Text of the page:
Senate Panel Weighs Standards, ESEA Renewal
The nation needs more rigorous and uniform academic standards, but it’s best if states take charge of the effort, lawmakers on both sides of the aisle said Wednesday at a Senate hearing on reauthorization of the Elementary and Secondary Education Act.
Sen. Tom Harkin, D-Iowa, the chairman of the Senate Health, Education, Labor, and Pensions Committee, said that one of the many problems with the current version of the ESEA, the 8-year-old No Child Left Behind Act, is that states don’t necessarily have to set their standards so that students are ready for college or a career. As a result, nearly 60 percent of students entering postsecondary schools need remedial coursework before they can start earning college credit.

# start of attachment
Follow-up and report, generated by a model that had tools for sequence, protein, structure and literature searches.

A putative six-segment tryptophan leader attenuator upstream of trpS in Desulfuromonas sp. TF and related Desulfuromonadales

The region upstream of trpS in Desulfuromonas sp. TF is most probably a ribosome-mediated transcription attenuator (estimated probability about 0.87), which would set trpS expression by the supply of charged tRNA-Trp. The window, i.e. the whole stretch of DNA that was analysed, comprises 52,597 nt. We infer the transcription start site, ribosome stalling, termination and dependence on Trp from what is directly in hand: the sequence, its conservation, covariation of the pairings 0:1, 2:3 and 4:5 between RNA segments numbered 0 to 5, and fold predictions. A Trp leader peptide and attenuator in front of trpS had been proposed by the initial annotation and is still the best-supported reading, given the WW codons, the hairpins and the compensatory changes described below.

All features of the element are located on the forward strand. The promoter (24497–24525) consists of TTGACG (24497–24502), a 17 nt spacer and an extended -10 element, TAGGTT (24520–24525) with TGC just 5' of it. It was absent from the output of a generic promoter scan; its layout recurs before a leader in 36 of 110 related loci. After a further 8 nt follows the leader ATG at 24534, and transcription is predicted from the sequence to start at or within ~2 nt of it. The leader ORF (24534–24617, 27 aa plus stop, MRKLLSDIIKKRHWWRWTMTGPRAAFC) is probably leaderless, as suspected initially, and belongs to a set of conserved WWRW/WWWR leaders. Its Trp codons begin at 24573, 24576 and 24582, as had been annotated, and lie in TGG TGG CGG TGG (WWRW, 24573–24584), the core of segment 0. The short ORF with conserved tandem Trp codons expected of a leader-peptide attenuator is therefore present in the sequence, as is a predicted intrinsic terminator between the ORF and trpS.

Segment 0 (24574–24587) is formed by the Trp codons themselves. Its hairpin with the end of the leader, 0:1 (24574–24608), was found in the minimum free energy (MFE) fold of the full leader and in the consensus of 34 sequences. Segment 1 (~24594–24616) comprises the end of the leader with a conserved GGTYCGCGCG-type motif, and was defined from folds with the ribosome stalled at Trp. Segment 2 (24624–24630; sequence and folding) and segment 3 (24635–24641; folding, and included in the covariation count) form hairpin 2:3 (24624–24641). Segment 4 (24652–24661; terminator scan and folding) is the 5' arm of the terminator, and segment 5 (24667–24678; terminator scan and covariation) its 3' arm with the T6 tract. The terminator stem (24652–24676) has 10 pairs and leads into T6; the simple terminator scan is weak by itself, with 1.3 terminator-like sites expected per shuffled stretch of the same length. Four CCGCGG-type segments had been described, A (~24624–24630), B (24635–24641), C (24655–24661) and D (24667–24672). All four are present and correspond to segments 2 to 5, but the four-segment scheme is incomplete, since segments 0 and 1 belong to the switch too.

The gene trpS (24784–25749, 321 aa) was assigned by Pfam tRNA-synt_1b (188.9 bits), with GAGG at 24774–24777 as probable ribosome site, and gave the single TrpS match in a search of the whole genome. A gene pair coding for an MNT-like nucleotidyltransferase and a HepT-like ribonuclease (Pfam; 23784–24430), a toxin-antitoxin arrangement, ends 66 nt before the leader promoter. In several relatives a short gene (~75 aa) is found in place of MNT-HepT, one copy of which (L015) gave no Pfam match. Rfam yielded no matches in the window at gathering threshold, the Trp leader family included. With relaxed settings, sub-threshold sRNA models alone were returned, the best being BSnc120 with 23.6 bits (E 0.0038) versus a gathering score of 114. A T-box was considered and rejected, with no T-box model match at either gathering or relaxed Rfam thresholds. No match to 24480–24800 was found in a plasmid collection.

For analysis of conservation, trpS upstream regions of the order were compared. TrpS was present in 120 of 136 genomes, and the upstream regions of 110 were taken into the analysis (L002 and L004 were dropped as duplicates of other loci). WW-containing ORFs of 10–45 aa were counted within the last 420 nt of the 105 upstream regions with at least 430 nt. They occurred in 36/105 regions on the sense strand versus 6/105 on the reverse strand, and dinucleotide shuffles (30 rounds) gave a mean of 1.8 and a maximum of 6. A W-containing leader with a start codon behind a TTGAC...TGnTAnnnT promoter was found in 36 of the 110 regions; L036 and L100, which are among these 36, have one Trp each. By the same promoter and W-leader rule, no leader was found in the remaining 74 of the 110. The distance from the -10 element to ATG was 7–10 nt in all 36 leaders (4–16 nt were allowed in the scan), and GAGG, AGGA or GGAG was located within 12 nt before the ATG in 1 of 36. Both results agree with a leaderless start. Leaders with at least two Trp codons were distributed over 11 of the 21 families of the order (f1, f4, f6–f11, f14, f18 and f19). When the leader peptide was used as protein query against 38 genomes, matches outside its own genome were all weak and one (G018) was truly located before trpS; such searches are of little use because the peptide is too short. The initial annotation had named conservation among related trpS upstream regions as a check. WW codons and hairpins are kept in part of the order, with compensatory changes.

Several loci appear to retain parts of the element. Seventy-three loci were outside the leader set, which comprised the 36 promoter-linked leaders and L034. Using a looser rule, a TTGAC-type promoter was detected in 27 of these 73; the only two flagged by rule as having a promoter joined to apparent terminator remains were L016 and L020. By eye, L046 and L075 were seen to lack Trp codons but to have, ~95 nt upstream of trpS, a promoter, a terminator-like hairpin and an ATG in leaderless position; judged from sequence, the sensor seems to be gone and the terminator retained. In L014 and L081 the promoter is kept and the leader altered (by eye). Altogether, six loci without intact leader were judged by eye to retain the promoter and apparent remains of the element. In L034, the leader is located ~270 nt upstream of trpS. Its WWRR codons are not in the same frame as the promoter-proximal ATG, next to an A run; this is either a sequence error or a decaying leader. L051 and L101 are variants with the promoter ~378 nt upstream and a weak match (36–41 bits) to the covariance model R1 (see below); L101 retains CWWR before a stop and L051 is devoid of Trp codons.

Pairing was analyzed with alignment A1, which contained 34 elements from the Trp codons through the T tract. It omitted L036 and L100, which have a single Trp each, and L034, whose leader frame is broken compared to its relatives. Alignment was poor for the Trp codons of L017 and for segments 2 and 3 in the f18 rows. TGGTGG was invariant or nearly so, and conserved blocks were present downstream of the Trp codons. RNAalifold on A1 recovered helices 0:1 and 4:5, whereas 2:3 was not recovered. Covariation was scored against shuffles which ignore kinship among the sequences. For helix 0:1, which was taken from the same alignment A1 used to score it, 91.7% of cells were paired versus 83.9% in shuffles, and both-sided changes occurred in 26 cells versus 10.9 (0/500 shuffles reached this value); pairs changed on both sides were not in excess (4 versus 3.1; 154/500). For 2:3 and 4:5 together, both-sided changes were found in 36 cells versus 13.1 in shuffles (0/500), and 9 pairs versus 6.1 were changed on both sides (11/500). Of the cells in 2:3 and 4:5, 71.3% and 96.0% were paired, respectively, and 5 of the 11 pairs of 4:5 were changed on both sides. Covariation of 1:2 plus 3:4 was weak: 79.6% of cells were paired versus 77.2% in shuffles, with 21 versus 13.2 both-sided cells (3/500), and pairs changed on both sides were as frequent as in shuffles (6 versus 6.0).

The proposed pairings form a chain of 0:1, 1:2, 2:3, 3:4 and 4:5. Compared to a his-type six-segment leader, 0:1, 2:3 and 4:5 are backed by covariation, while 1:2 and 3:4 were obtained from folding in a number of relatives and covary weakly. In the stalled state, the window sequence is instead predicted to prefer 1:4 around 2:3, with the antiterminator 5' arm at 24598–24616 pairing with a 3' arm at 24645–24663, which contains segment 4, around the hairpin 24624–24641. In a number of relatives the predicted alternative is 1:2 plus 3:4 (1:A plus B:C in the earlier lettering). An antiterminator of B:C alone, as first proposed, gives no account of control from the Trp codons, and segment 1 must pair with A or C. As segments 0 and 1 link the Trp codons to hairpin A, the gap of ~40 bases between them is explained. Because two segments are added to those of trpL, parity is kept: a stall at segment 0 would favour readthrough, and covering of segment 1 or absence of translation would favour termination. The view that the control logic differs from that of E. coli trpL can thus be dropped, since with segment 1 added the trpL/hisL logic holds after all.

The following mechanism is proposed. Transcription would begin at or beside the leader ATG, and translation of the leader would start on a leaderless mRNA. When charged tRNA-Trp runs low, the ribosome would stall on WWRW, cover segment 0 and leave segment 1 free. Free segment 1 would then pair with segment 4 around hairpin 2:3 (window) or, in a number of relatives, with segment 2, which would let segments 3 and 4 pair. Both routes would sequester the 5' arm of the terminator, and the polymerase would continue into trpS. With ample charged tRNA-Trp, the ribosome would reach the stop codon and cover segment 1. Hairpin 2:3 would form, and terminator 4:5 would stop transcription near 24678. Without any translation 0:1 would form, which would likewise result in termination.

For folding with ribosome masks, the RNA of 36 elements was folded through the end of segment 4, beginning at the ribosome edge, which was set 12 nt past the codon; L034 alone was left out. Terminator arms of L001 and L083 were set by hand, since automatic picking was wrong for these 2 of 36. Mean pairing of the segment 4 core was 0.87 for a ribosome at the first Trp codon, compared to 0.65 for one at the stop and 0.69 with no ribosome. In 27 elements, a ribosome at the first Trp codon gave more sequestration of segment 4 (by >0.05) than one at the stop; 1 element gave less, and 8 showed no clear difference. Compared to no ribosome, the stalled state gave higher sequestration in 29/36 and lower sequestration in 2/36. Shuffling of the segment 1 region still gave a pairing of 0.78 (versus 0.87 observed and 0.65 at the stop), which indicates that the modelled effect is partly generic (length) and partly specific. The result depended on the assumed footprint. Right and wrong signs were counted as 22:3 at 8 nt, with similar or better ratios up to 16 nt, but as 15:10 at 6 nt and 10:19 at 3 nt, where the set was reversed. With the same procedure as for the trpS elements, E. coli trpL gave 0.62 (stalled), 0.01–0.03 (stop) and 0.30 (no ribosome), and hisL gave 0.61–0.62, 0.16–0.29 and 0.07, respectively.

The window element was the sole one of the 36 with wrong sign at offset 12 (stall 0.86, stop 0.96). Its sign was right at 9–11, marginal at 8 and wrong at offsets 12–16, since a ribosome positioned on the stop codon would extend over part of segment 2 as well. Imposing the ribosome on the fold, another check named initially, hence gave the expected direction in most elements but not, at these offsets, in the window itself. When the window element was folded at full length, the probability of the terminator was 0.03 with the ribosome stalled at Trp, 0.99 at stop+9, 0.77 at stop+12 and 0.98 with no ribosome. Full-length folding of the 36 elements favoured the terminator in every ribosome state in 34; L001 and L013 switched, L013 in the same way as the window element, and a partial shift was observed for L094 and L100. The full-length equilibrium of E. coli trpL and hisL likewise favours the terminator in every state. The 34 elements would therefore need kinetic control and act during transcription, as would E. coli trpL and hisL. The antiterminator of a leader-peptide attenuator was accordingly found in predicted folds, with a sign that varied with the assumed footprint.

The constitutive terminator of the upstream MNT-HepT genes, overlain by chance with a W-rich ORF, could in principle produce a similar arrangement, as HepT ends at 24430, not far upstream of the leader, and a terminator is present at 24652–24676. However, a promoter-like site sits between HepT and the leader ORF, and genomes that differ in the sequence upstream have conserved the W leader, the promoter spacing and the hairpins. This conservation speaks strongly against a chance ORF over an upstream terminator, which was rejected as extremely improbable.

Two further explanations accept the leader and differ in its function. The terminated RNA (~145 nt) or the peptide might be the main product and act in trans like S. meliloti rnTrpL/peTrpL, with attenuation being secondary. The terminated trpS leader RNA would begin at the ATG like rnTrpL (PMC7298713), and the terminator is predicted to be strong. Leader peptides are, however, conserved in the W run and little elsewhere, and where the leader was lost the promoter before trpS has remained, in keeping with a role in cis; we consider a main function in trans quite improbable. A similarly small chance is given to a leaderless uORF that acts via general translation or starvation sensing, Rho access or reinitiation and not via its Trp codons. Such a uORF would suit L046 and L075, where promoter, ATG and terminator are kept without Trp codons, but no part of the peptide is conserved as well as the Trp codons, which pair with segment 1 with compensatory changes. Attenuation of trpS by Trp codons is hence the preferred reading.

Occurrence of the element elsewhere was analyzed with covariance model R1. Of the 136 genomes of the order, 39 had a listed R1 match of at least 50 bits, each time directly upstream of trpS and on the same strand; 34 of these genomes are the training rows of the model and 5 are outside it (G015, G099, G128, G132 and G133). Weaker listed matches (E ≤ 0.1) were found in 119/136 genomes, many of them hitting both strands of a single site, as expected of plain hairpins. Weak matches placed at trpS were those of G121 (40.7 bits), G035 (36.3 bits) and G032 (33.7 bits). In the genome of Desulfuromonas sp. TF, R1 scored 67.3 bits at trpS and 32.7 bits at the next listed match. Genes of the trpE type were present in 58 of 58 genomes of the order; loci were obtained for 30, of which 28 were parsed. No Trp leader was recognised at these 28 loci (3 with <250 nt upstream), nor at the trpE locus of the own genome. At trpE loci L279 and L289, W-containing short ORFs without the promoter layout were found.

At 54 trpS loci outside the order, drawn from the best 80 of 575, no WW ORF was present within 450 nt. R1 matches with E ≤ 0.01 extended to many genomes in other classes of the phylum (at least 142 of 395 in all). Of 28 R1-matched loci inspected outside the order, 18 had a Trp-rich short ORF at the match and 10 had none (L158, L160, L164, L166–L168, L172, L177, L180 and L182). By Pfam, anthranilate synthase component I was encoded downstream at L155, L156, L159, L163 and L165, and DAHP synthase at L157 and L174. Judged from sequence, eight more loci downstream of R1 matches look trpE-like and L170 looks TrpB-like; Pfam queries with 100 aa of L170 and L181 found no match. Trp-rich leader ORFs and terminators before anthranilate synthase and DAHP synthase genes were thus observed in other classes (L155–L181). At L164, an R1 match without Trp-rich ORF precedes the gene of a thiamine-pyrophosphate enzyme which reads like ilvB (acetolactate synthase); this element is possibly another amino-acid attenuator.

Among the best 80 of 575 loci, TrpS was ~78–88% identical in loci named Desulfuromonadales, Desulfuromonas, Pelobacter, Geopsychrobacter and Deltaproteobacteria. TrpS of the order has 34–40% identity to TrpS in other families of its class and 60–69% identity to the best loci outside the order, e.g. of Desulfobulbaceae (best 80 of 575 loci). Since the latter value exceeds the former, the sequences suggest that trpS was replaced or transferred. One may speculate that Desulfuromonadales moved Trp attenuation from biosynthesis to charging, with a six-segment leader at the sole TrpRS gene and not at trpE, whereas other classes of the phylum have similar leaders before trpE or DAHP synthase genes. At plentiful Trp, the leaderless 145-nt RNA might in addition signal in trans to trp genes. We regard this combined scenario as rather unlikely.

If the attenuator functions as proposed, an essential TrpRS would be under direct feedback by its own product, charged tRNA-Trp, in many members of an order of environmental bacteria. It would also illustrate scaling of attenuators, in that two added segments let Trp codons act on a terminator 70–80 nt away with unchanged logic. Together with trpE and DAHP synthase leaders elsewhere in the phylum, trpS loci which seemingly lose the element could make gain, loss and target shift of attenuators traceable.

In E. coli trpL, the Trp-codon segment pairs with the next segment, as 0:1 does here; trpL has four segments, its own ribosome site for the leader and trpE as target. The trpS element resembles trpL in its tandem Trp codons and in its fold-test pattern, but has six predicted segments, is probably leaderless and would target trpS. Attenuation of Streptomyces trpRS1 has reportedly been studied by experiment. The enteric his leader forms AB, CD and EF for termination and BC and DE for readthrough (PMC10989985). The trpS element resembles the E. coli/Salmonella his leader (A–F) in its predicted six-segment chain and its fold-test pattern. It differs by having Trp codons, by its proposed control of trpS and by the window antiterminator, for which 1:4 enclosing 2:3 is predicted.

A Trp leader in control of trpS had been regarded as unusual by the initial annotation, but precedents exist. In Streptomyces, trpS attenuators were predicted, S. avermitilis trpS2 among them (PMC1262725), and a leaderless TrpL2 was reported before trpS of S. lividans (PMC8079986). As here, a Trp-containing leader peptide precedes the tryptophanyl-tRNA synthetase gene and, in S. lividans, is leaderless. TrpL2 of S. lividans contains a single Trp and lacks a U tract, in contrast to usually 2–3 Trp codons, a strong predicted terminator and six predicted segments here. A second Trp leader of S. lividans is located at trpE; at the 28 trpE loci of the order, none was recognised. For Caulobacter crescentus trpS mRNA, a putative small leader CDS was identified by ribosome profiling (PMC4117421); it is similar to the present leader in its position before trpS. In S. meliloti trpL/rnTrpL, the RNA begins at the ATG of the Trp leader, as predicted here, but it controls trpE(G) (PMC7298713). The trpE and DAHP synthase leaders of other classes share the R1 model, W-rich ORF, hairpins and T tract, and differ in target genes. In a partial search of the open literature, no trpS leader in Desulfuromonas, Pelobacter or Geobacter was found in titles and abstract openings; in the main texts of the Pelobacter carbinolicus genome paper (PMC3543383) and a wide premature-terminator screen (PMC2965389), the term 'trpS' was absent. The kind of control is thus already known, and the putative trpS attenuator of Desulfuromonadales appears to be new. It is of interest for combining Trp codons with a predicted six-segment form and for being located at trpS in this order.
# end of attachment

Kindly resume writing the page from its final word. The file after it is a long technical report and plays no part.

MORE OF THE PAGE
“The good news is that once again states are taking the lead” in addressing that issue, Sen. Harkin said, referring to an effort by the Council of Chief State School Officers and the National Governors Association to establish such standards. So far, 48 states and the District of Columbia have joined that effort, known as the Common...
This article is available to subscribers only.
To keep reading this article and more, subscribe now or start a 2-week FREE trial.
Access selected articles, e-newsletters and more!
- Immediate Teaching Positions Available at New Visions! Apply Now!
- New Visions for Public Schools, NY
- Senior Content and Curriculum Leader
- BrightBytes, San Francisco, CA
- English Teacher
- MVCSD, Mount Vernon, NY
- Assistant Professor of Educational Administration
- Mississippi State University, Mississippi State, MS
- Superintendent of Schools - SAU 9
- SAU 9 - Conway, NH, Conway, NH